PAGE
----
Do My Violent Kinks Make Me Less of a Feminist?

Submission is not capitulation.

by Sophie K Rosa

8 May 2024

two people's arms are entangled on a bed
Photo: New Africa/Adobe Stock

This is the ninth edition of Red Flags, Novara Media’s advice column for anti-capitalists. Inspired by our columnist Sophie K Rosa’s book, Radical Intimacy, Red Flags explores how capitalism fucks up our intimate lives – not just our romantic relationships, but also our friendships, home lives, family ties, and experiences of death and dying – and what we can do about it. To submit a question to Sophie, email [email protected] or, if you’d like more anonymity, fill out this form.

Dear Sophie,

I’m not sure if this question is TMI but it’s been looming in my mind for a while now. I’m a socialist feminist with a strong stance against the sex industry. However, I find myself enjoying certain “violent” kinks whilst craving to serve my boyfriend, creating a conflict. How can I cope with the guilt of indulging in something that capitalism has influenced me to enjoy?

– Guilty Feminist

Dear Guilty Feminist,

I try not to give hard and fast advice in this column or ever, really. I don’t believe in right answers when it comes to other people’s interiority, or my own. I do, however, have political convictions.

You write that you are “a socialist feminist with a strong stance against the sex industry”. This makes me wonder whether your feminism excludes sex workers; whether you respect the sex worker-led global movement for full decriminalisation. Before I address your internal conflict, I’d like to make my own stance clear: sex work is work, and a feminism that excludes sex workers is no feminism at all.

You began your question about ambivalence towards your own “‘violent’ kinks” by expressing your disagreement with the sex industry. Do you believe sex work is a form of violence against women? If so, I would encourage you to consult sex workers’ accounts of their experiences. Calling all sex work violence is not a benign philosophical position, but an ideology that is routinely mobilised to enable real violence against sex workers.

It seems that you are struggling to distinguish between fantasies of violence and real violence. I understand why; we live in a world where gendered violence is the norm. We also live in a world that celebrates the personal brand, the myth of a coherent self – when in fact we contradict ourselves, nowhere more than in desire.

You need not comprehend your desire to submit to your boyfriend sexually as a capitulation to patriarchy. When sex is characterised by consent and enjoyment, as yours seems to be, it can be a space to explore our desires and even revisit experiences, including traumatic ones – to get a hold of them, renegotiate them, play with them. Sex can make things malleable. Your kinky sex does it for you, clearly – but what is it doing? Does it help you get a handle on something? Does it help you loosen your grip?

You ask: “How can I cope with the guilt of indulging in something that capitalism has influenced me to enjoy?” I’d respond by asking: how can you release yourself from the guilt of indulging in something that capitalism has influenced you to enjoy? Living in a patriarchal, capitalist world may well have shaped your desires. We cannot exist outside this system; our being is always already inside it. As the psychoanalyst Avgi Saketopoulou puts it in her book Sexuality Beyond Consent: Risk, Race, Traumatophilia: “Our very sense of the self and of our functional stability is, to varying degrees, also reliant on problematic social values.”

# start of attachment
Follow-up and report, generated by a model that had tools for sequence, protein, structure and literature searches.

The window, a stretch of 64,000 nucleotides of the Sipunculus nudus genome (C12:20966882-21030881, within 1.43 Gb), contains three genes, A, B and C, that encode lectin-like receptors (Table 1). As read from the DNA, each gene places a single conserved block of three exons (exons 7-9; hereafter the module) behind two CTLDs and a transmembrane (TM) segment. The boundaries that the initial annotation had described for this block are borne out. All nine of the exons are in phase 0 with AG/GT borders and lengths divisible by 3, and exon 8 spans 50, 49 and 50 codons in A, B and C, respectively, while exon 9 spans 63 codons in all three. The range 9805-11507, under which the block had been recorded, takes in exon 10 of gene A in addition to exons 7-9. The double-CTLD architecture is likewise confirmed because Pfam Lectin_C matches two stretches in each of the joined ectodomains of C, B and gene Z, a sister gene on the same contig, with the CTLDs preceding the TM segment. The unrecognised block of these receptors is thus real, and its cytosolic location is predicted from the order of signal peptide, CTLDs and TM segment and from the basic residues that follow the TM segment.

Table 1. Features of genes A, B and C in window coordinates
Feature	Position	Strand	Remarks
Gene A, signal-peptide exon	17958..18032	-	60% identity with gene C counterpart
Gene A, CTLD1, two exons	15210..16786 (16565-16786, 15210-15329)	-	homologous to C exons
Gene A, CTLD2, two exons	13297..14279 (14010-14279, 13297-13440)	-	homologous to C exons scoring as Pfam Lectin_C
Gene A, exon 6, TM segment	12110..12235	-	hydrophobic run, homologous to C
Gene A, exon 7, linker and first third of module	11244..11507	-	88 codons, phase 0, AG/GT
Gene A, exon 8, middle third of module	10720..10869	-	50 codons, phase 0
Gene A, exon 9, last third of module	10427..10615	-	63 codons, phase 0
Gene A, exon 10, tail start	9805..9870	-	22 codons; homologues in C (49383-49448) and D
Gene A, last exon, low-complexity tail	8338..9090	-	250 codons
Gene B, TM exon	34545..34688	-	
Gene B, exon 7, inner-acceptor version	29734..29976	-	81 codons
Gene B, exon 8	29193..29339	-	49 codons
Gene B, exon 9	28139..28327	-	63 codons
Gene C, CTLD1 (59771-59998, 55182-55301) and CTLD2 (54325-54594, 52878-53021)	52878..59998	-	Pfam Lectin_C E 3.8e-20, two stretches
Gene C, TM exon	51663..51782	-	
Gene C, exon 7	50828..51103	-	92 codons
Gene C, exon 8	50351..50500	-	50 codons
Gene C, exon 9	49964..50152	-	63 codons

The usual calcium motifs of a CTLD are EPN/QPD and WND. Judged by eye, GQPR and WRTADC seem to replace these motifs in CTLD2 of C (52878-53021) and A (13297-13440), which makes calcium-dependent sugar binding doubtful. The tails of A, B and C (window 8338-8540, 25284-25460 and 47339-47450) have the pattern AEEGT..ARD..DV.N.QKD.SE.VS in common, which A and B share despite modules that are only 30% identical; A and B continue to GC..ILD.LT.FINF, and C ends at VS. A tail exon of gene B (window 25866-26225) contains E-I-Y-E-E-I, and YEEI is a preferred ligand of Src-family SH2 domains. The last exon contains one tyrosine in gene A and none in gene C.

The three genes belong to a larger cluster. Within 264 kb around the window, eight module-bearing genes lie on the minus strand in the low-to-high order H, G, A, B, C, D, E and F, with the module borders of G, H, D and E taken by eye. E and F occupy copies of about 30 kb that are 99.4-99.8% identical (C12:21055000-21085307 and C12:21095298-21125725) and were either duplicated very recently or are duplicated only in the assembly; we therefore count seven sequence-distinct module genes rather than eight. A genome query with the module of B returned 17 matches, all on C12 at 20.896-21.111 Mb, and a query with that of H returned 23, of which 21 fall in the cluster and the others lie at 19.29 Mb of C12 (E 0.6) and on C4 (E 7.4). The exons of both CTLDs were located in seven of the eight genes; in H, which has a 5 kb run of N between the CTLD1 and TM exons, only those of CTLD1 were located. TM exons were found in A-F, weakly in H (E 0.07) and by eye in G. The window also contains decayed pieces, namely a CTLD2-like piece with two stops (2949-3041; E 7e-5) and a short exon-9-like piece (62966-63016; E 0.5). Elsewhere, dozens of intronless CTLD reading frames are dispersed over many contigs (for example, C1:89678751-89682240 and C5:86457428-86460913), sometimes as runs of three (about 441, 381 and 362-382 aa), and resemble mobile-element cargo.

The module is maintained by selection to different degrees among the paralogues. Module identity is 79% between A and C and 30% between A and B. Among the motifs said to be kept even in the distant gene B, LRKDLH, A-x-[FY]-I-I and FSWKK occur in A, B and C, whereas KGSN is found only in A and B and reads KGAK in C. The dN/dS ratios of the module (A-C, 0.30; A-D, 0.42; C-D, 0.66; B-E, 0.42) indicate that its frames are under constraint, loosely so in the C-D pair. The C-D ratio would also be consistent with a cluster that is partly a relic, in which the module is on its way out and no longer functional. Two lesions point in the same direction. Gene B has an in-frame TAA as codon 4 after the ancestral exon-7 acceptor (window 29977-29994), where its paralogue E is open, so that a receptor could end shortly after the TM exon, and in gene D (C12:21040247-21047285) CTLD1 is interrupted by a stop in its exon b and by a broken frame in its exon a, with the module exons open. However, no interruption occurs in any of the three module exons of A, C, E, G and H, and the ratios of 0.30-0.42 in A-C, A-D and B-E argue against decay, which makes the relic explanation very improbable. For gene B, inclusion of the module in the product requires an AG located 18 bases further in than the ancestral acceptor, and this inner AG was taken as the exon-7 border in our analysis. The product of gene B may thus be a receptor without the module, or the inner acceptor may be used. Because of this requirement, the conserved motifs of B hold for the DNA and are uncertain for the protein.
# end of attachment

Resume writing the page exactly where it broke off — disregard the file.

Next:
It can be a useful exercise to interrogate the ways in which violent systems have shaped us, but I do not think it is always helpful to interrogate ourselves – as in, to subject our desires and enjoyment to violent, relentless questioning about genesis. We might want to inquire into and challenge them, sure – but gently, kindly.

We are made up of many things; we also get to make ourselves up. I’ve been thinking about trauma as a lens to understand ourselves a lot lately – especially since reading Saketopoulou’s recent book. Many of us are traumatised by patriarchy and its regime of binary gender. Indeed, it seems likely that many women with “a strong stance against the sex industry” in fact have strong negative feelings about the sex industry because of what its existence brings up for them, emotionally. In my opinion, there is nothing necessarily wrong with these feelings – so long as they are recognised as feelings, and are concomitant with respecting sex workers as workers, and offering them solidarity in their struggle for better working conditions. On this, I’d recommend Revolting Prostitutes by Juno Mac and Molly Smith.

What do you think might be contributing to your deep discomfort with both the sex industry and your sexual desires? Whether trauma as a lens speaks to you or not, Saketopoulou’s theory of trauma could be of use. She argues that in order for trauma to be worked through, it “needs to circulate; it needs to be revisited”. This orientation towards trauma, termed traumatophilic, “does not overlook or diminish the impact of trauma but offers, instead, a way of working with the recognition that we cannot turn away from our traumata, that we are strangely drawn to them.”

I hope you can excise the guilt you experience about your sexuality. I hope you can embrace enjoyment amid your ambivalence and discover new pleasures along the way. Finally, I hope that your socialist feminism can grow to include sex workers, if it doesn’t already. At the knife edge of capitalism and patriarchy, they have a lot to teach us.

Sophie K Rosa is a freelance journalist and the author of Radical Intimacy.

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